The remains of 215 children, including some as young as three, have been found in a mass grave on the grounds of a former residential school that was once part of a nationwide effort in Canada to separate Indigenous children from their families in an attempt to assimilate them.
The Tk'emlúps te Secwépemc First Nation announced the discovery in a news release on Thursday, saying the remains were found after working with a "ground penetrating radar specialist" to confirm the mass grave at the Kamloops Indian Residential School.
Chief Rosanne Casimir called it an "unthinkable loss," and said that while the deaths had been long spoken about, the residential school never documented them.
"We had a knowing in our community that we were able to verify. To our knowledge, these missing children are undocumented deaths," Casimir said. "We sought out a way to confirm that knowing out of deepest respect and love for those lost children and their families, understanding that Tk'emlúps te Secwépemc is the final resting place of these children."
Canadian Prime Minister Justin Trudeau said the discovery was heartbreaking, calling it "a painful reminder of that dark and shameful chapter of our country's history."
The residential school system in Canada served as mandatory boarding schools for indigenous youth and were run by churches and the federal government for more than 150 years during the 19th and 20th centuries.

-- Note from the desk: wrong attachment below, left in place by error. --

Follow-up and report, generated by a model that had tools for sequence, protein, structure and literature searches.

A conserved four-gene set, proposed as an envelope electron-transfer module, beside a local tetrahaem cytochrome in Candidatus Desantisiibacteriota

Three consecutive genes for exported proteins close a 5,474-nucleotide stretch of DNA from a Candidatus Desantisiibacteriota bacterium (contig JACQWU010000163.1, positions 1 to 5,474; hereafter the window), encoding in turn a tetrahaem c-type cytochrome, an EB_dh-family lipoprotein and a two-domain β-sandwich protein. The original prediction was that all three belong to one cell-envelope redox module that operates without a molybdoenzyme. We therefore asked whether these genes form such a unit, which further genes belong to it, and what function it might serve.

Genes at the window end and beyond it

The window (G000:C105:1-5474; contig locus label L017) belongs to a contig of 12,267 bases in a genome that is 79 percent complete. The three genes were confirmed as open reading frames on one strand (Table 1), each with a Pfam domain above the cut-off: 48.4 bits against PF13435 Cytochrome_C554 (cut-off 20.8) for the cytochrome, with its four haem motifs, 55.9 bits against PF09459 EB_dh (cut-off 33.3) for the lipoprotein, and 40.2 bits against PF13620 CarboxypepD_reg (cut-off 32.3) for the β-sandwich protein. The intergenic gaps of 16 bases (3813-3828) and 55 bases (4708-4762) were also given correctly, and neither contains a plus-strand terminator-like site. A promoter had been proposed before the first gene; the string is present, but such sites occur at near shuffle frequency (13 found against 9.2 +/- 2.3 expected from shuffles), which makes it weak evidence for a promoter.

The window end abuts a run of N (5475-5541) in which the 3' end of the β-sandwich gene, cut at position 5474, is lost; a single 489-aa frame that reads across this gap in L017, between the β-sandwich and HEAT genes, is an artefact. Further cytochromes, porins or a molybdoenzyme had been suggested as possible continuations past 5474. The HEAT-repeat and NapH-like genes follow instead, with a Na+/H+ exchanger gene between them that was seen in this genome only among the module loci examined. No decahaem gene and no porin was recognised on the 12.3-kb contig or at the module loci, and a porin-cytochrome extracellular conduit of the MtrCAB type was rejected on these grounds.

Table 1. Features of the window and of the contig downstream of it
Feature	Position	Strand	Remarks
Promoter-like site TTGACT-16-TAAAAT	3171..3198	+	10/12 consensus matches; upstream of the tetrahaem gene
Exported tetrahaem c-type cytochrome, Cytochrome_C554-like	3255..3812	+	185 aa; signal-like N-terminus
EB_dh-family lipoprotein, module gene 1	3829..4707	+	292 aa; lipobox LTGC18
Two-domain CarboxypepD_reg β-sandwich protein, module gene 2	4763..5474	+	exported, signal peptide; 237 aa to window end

Conditions at the schools were poor. Children were often not allowed to speak their own language and received harsh punishment if they did. Many suffered physical and sexual abuse, with staff not being held accountable.
In 2015, a National Center for Truth and Reconciliation report estimated that more than 150,000 children attended these schools and more than 6,000 died, never returning home.
What happened at the schools amounted to "cultural genocide" according to the report from the Truth and Reconciliation Commission.
The report said the residential schools were "a systematic, government- sponsored attempt to destroy Aboriginal cultures and languages and to assimilate Aboriginal peoples so that they no longer existed as distinct peoples."
In 2008, the Canadian government formally apologized to the First Nations and the Indigenous communities for the schools and the treatment of children.
The school system began to shut down in the 1970s, and the Kamloops Indian Residential School closed in 1978. But the effects are still being felt in the Tk'emlúps te Secwépemc community today, Casimir said.
Thursday's announcement is only the first of the preliminary findings. The radar survey of the rest of the school grounds is set to continue and "will hopefully bring some peace and closure to those lives lost and their home communities," according to the statement from the Tk'emlúps te Secwépemc First Nation.
When and how the children died is still to be determined, but the rest of the preliminary findings from the grounds survey are expected to be released in mid-June.